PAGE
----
The drag factor determines how much we pack for a trip. The older we get, the less drag we want.
Take our trip to England last year, for example. The roller on one of the suitcases failed to roll just as we began dragging it from Heathrow airport to the train, up the stairs, to the bus and down the street to our room. A fairly easy transition, but that particular day major route changes were happening. We could not take the tube. We had to take the bus. We stacked and strapped the luggage. The full-sized computer bag could be tied onto a rolling suitcase for a few steps before it slipped and dangled beneath the handle. The large dufflebag would not stay stacked and the large camera bag alternated between shoulder and stack.
The excitement of seeing London energized my husband the day we landed – he barely noticed the wheel problem or the drag factor. By the end of the week, though, he looked at all that luggage: two large suitcases, two quite full carry-on bags and a couple of rather large personal items and his shoulders sagged.
Hefting my own suitcase and carry-ons, I collapsed halfway up that mountain of stairs to the train. I could not lift that monster another step. Kind strangers hauled it the last flight of stairs.
At the airport I found a luggage cart. My husband’s smile made him look 20 years younger. No more drag, just push a well oiled, rolling cart.
He looked almost as thrilled the day I found a replacement large suitcase at a yard sale with not two, but four working rollers. It did not just drag, it rolled. He did not even care that it came in bright red. It rolled smoothly.
He has used that suitcase ever since – even when he did not need that much space. The drag factor matters that much.
Of course, the drag factor has to be computed with the time variable to determine how much we can take: How long will we be gone? Where are we going? And will we be flying or driving?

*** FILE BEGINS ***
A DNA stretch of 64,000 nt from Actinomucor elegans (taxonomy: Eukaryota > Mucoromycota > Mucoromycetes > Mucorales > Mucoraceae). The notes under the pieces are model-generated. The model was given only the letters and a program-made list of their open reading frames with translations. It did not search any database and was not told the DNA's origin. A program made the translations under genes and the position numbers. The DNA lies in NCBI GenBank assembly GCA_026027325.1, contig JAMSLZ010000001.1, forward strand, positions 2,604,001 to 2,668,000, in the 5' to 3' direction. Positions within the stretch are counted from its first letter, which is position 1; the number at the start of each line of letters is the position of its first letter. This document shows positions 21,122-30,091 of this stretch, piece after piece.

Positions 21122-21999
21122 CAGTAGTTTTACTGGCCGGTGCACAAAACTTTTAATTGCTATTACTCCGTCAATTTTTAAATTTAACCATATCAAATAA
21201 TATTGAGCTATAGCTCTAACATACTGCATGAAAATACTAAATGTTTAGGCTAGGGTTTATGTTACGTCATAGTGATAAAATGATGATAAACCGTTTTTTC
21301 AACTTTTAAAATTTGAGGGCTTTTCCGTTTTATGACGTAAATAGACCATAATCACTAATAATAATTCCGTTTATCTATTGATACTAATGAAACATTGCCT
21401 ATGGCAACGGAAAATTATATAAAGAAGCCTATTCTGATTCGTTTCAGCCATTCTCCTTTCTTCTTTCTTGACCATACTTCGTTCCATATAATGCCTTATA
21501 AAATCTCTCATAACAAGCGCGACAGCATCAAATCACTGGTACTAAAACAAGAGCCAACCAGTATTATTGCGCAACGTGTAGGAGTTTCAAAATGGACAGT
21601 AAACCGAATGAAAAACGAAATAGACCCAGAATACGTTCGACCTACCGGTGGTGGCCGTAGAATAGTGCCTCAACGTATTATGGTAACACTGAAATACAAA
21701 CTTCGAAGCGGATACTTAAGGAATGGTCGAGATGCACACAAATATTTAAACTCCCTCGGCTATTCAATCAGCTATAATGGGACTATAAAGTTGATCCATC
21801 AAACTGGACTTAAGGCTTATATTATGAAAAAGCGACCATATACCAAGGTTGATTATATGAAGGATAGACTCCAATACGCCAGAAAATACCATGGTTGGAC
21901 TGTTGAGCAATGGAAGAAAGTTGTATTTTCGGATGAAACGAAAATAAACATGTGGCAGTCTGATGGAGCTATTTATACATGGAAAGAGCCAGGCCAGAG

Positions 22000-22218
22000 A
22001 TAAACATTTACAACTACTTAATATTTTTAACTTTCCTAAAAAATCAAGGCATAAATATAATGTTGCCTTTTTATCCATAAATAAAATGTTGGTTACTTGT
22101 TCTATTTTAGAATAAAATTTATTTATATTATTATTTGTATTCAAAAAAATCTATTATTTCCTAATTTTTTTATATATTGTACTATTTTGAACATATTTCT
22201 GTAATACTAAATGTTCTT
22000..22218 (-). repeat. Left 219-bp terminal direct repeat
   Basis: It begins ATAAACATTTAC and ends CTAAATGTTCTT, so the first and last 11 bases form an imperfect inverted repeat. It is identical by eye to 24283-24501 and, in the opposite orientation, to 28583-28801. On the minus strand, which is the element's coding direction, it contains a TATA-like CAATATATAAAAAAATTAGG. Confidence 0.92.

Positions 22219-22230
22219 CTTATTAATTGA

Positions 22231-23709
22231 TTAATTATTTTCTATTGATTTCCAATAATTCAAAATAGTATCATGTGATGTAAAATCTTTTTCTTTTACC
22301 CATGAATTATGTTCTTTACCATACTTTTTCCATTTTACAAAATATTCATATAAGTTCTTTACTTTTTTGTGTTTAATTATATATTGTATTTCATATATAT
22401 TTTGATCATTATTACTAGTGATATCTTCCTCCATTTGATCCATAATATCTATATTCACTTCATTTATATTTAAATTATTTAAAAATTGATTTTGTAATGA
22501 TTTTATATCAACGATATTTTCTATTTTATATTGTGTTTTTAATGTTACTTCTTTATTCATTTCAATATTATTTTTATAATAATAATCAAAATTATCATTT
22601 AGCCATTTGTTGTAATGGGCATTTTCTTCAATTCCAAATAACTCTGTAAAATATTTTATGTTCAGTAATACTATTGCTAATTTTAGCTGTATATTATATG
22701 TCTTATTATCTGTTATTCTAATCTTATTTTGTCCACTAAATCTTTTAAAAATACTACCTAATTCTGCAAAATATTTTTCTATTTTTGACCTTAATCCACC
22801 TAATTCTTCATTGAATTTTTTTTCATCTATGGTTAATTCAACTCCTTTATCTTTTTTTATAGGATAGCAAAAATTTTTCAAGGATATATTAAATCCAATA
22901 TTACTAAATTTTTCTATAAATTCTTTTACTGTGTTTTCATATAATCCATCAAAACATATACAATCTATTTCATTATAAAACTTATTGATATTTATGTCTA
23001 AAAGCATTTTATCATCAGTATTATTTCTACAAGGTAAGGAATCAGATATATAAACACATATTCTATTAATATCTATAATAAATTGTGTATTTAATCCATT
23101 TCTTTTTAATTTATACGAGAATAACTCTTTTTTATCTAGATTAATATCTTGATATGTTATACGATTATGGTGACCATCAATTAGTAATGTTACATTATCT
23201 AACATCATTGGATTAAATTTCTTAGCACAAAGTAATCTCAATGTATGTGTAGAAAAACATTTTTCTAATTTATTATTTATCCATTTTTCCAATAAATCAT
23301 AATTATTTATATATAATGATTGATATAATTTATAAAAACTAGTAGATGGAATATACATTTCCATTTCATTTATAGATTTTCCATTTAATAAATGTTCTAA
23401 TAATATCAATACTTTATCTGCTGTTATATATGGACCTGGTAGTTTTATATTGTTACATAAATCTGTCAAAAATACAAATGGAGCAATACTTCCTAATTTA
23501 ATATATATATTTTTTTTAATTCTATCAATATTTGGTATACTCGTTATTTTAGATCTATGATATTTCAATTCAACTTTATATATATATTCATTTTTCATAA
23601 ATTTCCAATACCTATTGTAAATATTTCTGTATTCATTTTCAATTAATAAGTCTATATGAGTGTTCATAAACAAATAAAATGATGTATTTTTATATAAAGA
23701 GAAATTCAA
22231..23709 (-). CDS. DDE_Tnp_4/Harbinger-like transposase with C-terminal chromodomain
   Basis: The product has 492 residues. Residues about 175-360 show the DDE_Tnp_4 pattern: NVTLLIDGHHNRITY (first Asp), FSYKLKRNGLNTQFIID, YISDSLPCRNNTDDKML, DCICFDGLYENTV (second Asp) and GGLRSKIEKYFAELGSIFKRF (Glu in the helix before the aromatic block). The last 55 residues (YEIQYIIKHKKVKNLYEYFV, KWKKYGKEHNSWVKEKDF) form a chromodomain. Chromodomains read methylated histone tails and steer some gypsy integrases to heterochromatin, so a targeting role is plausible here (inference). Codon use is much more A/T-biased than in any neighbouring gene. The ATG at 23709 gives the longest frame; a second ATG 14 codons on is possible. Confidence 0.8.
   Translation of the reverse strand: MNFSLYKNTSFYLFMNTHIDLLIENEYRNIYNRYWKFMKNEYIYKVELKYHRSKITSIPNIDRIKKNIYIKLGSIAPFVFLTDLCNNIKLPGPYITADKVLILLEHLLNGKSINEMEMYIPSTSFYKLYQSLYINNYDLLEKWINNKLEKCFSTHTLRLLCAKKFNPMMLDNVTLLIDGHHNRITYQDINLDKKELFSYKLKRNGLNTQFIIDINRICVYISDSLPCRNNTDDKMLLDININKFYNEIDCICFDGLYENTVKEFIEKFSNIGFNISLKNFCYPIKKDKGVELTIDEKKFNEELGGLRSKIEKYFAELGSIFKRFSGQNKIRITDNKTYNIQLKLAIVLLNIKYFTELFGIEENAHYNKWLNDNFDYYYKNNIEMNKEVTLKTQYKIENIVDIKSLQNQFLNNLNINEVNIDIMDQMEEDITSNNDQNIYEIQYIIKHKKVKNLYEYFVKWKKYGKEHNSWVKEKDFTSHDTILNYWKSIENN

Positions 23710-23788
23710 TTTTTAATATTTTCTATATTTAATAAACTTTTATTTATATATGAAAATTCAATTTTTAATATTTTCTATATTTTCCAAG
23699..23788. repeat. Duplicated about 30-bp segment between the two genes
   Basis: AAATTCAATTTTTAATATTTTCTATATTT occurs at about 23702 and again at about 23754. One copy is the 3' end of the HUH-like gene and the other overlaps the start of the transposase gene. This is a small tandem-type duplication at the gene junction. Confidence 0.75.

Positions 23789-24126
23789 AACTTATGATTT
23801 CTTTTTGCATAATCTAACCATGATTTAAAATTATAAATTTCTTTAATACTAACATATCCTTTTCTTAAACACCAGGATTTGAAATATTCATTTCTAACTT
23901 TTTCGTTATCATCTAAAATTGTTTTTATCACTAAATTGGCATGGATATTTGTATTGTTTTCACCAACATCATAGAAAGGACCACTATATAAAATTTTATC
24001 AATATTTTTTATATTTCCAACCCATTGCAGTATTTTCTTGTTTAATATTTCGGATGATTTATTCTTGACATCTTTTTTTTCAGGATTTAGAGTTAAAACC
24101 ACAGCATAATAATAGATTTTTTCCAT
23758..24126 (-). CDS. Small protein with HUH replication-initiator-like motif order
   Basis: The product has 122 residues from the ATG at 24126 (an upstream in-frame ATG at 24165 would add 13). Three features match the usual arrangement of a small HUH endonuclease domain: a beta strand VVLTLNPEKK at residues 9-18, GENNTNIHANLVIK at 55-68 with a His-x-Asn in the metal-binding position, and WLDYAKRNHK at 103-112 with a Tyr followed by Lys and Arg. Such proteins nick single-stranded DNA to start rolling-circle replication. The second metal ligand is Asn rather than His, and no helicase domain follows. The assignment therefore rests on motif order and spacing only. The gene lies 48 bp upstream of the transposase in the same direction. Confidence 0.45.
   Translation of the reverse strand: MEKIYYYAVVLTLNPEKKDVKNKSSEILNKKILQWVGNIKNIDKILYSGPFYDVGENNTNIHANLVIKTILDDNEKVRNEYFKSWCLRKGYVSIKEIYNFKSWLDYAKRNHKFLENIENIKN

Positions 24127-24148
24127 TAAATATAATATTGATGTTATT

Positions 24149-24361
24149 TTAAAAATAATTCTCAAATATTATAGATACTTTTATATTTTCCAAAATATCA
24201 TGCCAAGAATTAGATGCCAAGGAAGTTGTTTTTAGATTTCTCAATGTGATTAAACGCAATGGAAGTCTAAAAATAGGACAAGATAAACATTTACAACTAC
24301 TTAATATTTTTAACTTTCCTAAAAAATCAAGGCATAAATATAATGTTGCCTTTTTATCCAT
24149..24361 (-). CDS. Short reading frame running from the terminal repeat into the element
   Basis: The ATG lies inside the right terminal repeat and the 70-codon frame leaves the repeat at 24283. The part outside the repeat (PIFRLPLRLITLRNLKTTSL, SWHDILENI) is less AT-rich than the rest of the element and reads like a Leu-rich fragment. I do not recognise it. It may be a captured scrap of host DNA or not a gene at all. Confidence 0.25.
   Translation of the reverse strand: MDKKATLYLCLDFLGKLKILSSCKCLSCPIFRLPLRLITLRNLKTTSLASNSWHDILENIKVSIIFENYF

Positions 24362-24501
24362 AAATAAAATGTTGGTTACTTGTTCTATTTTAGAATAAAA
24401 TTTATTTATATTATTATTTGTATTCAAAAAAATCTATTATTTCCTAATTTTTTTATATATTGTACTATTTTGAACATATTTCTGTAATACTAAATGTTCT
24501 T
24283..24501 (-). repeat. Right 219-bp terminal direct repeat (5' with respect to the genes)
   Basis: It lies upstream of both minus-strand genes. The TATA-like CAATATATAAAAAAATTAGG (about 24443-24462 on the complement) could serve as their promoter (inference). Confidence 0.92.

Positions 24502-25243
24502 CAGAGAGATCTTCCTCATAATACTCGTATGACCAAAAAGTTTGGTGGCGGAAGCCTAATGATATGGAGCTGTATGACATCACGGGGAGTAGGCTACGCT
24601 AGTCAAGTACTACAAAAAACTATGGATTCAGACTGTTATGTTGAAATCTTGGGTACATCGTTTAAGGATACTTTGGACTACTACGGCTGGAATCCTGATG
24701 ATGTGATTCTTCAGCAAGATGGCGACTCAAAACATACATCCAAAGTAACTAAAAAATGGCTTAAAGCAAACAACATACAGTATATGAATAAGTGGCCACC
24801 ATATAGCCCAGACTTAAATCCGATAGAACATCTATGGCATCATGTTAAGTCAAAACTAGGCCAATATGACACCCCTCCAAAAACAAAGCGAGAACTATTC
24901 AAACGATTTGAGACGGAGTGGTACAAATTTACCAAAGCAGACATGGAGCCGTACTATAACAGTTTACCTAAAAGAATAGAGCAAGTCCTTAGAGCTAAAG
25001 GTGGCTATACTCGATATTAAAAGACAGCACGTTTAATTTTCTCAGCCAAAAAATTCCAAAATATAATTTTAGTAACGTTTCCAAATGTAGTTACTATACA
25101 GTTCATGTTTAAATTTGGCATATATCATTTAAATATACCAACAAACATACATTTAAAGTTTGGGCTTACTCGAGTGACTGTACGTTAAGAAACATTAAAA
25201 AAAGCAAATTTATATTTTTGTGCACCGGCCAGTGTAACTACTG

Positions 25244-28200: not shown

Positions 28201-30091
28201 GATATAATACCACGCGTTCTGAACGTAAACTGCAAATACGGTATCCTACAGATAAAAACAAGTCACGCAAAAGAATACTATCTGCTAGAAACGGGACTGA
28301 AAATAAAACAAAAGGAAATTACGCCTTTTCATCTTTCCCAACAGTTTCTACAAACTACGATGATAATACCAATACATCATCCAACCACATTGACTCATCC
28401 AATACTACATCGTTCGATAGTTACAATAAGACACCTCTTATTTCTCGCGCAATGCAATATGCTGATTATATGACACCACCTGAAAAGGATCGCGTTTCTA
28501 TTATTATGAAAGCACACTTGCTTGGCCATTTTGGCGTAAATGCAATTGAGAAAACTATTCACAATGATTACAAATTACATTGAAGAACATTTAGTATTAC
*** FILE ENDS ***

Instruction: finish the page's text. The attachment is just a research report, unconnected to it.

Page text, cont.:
Driving to see family usually means time with babies, grade school kids, teenagers and new parents. There is not much of a drag element, but lots of entertainment to factor into packing. We can load our van in our garage and unload it at our destination. Short distance hauling we can handle.
I want to take everything. I settle on books for preschoolers, books for the teenagers and a couple of novels for myself. I sit on the floor of my sewing room packing a large tub with fabric, thread, measuring devices and a sewing machine or two because some grandchild or their mother might want to sew with me. Games, gifts and gadgets get tossed in on top.
For the miles and hours on the road, I pull out the ice chest, drop in a couple of frozen jugs of water, an assortment of fruits and vegetables, sandwich fixings and munchies – just in case we feel a bit peckish. I spend way more time packing all the extras than I ever do my suitcase. An overnight bag always holds the basics. All I have to do is add enough shirts, slacks and socks for each day we are gone. If anyone notices that everything does not match they don’t say anything.
The mini-van overflows as I tuck in audio books for the road, a couple of hand sewing projects I might want to do, a computer, a few books and magazines I might want to read. My husband takes his keys. He’s driving. He does not have time to do anything else.
Last month as we packed to fly to Mexico for a week, my husband (obviously remembering the mule train event of last summer) said, “Let’s put everything we can in the suitcases, and not have any carry-ons this time.”
I heard what he said, but I still prefer to have a few extra things – just in case our luggage is lost.
Still, as we left I could not help but mentally note that all my books and magazines had been reduced to a thin, light-weight, electronic reader. Also, since the London trip our camera was stolen and the computer crashed. We purchased much smaller, lighter replacements.
My compulsion to sew shrank into one small cross stitch kit that fit inside the computer bag. With one suitcase each to check and very small carry-ons, we had discovered lighter traveling. Almost too light. Just before he checked his suitcase to the belly of the plane, my husband slid the sheaf of papers detailing our itinerary into the front pouch of his red suitcase. I asked if he didn’t need to carry the contact information with him. He did a double take, grabbed the papers and never said a word about how much it added to his drag factor.
(Joan Hershberger is a staff writer at the News-Times and author of “Twenty Gallons of Milk and Other Columns from the El Dorado News-Times.” Email her at firstname.lastname@example.org)